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Editorial: Keep domestic violence spending in state budget

6:13 PM, Feb. 13, 2013  |  Comments
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Gov. Scott Walker's attention to domestic violence is welcomed as he proposed $11 million in funding in his next budget.

Walker has been strategically releasing major proposals that he'll include in his biennial budget, which he is scheduled to release Wednesday. He has already released initiatives on DNA collection, economic development, hunting and mental health funding.

On Wednesday, he announced his proposals on protecting victims of domestic violence and expanding Medicaid.

His domestic violence proposal calls for $10.6 million to build a Family Justice Center in Milwaukee, in partnership with the Children's Hospital and the Sojourner Family Peace Center. The governor's office said it will be the first in the country to have a Child Advocacy Center with a Family Justice Center.

He also proposed $560,000 for the Domestic Abuse Intervention Center in Madison.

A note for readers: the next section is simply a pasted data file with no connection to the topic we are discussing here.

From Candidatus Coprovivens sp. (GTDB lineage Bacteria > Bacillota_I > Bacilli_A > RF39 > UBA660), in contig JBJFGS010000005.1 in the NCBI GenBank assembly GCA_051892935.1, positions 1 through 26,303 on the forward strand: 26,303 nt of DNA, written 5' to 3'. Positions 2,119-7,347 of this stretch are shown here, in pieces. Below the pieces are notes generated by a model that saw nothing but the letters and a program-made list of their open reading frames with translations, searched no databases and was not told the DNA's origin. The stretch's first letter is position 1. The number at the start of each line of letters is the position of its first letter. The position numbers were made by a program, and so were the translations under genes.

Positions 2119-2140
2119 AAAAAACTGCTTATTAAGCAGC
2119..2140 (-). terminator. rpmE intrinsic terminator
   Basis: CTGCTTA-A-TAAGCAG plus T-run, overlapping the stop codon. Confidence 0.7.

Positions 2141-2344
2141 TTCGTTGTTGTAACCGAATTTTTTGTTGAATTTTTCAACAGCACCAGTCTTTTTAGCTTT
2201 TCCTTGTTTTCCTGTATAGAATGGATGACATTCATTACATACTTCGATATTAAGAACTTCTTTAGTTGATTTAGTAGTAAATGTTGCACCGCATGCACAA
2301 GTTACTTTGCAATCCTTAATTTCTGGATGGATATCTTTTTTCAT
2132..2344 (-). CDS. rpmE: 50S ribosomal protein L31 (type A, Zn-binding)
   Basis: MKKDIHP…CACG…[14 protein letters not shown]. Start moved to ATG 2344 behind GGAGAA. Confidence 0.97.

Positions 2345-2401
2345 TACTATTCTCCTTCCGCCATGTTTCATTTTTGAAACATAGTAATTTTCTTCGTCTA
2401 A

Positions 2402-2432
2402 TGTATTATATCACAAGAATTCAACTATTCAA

In addition, as part of his law enforcement initiatives, Walker called for GPS tracking of violent domestic abusers.

"Victims of domestic violence need our support to get the resources and protection they need," Walker said in a statement.

We agree. Additional funding to combat domestic violence is needed. Experts believe that for every reported incident, four go unreported. So while a new report last month from the state Justice Department showed a slight decrease in reported domestic abuse incidents - from 29,941 in 2010 to 28,539 in 2011 - we know that's not a full accounting.

That report tallies only those cases reported to law enforcement and referred to the district attorneys' offices. In Brown County, there were 1,089 reported incidents in 2011, with a 79.2 percent arrest rate. The fourth most populous county had the fifth most incidents.

And we'll never have a full accounting until the stigma of domestic abuse is lifted. When victims aren't embarrassed to report it or feel they won't be protected if they report abuse, maybe we'll get a truer sense of the problem.

It's a problem with tragic consequences. In October, a man with a domestic violence arrest and a restraining order against him killed his wife and two others at a Brookfield spa. Incidents such as these can have the negative effect of making victims less likely to speak up.

That's why it's important for the governor to talk about the issue and address the needs for facilities that serve victims of domestic violence.

The proposals Walker announced Wednesday will be part of his two-year budget, and we hope they make the cut and are part of an overall spending plan that governor signs.

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